How Regenerative Braking Works

By

Automotive Editor

John Diether has been a professional writer, editor, and producer since 1997. His work can be found on TV, radio, web, and various publications throughout the world.  He is a graduate of Northwestern University and has a 1992 Cadillac Brougham d’Elegance in his garage. 


, Automotive Editor - May 23, 2016
Gas And Brake Pedal

Regenerative braking braking systems are used on most electric and gas-electric hybrid vehicles. These systems capitalize on the similarities in construction of electric motors and electric power generators. An electric motor's interior is made up of copper windings. It uses an electromagnetic energy field to produce torque through its main shaft when power is applied to it. A generator or dynamo is also comprised of copper windings and makes use of an electromagnetic field; applying a force to turn its rotor allows it to produce electric power. Regenerative braking is based on the principle of physics that states that energy cannot be destroyed; it can only be transformed from one form to another.

In a traditional braking system, pressing on the brake pedal causes a pair of brake pads in each wheel to come into contact with the surface of a brake rotor. This contact produces friction, slowing down and eventually stopping the vehicle. The friction itself produces heat as an energy byproduct. Automotive engineers and designers generally perceive heat as a loss. This is the reason why, especially in high performance cars, brake cooling systems such as air dams are employed to dissipate heat from the brakes so that they can quickly regain their efficiency.

In a regenerative braking system, the objective is to recapture the energy byproduct that results when the brakes are applied. In electric or hybrid automobiles, the electric motor that drives the car's wheels plays a major part during braking. When the brake pedal is pressed, the regenerative braking circuit switches the motor so that it now operates in reverse to counter the direction of the wheels. This reversal actually makes it perform like a power generator or dynamo that produces electrical energy. The electricity developed is routed towards the car's storage batteries to recharge them. At higher speeds, regenerative brakes still require the assistance of traditional brake systems to be applied as a backup.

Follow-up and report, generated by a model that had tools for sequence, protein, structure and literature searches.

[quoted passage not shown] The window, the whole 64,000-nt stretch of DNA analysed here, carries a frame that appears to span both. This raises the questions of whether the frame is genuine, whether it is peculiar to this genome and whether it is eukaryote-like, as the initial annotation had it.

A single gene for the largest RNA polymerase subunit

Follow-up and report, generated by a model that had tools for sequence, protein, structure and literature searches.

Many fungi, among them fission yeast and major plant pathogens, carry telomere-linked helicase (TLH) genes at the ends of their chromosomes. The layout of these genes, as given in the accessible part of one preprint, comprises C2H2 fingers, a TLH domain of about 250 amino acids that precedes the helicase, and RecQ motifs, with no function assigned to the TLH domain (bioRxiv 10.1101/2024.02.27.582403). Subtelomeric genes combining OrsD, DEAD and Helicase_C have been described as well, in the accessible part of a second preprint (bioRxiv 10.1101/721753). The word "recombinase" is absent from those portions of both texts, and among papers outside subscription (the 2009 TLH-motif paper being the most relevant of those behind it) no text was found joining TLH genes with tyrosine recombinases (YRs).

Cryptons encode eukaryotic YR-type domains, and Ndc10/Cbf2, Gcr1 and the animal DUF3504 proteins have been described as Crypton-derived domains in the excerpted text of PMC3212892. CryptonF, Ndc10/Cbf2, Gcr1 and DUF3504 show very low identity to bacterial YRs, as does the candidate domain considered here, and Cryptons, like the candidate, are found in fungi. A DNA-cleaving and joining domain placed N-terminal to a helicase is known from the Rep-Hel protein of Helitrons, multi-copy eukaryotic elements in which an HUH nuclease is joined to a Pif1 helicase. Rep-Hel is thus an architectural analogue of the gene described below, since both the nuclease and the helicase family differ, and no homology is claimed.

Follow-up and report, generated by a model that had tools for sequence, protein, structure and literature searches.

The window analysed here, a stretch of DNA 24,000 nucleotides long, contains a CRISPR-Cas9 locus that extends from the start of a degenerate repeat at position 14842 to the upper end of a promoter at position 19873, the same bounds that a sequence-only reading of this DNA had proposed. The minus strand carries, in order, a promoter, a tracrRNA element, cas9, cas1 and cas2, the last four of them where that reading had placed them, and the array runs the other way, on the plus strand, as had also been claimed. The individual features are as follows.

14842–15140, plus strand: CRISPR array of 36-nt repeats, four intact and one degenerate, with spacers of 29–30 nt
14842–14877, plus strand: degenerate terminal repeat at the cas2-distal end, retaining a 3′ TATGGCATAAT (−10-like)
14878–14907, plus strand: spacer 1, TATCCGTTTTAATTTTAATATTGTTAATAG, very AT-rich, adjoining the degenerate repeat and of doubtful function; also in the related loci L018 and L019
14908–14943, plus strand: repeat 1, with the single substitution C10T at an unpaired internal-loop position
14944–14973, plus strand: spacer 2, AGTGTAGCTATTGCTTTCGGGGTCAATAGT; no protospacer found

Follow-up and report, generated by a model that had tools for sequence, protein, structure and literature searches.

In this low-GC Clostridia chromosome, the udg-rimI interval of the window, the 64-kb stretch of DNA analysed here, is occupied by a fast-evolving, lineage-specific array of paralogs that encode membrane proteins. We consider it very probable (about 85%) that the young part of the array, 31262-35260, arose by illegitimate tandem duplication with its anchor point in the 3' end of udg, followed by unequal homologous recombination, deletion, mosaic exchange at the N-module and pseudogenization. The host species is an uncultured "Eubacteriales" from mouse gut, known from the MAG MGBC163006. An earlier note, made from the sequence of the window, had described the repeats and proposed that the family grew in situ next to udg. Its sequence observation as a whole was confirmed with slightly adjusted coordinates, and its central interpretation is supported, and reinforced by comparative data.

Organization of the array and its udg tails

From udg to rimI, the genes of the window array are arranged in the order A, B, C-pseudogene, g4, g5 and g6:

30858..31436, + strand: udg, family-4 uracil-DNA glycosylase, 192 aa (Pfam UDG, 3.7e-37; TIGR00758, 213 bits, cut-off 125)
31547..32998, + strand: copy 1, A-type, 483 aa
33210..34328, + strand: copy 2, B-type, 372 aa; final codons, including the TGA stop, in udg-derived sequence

The efficiency of regenerative braking systems in use today has improved significantly. Some existing systems are able to capture and store as much as 70 percent of the energy that would otherwise have been lost. This recapturing and storing of electrical energy may be likened to "trickle" charging of the batteries. This is because most of the time, the electric motor runs in torque producing mode to drive the vehicle. The recommended battery charging method still has to be performed to charge the batteries fully, although regenerative braking does translate to an increase in vehicle range.

, Automotive Editor

John Diether has been a professional writer, editor, and producer since 1997. His work can be found on TV, radio, web, and various publications throughout the world.  He is a graduate of Northwestern University and has a 1992 Cadillac Brougham d’Elegance in his garage.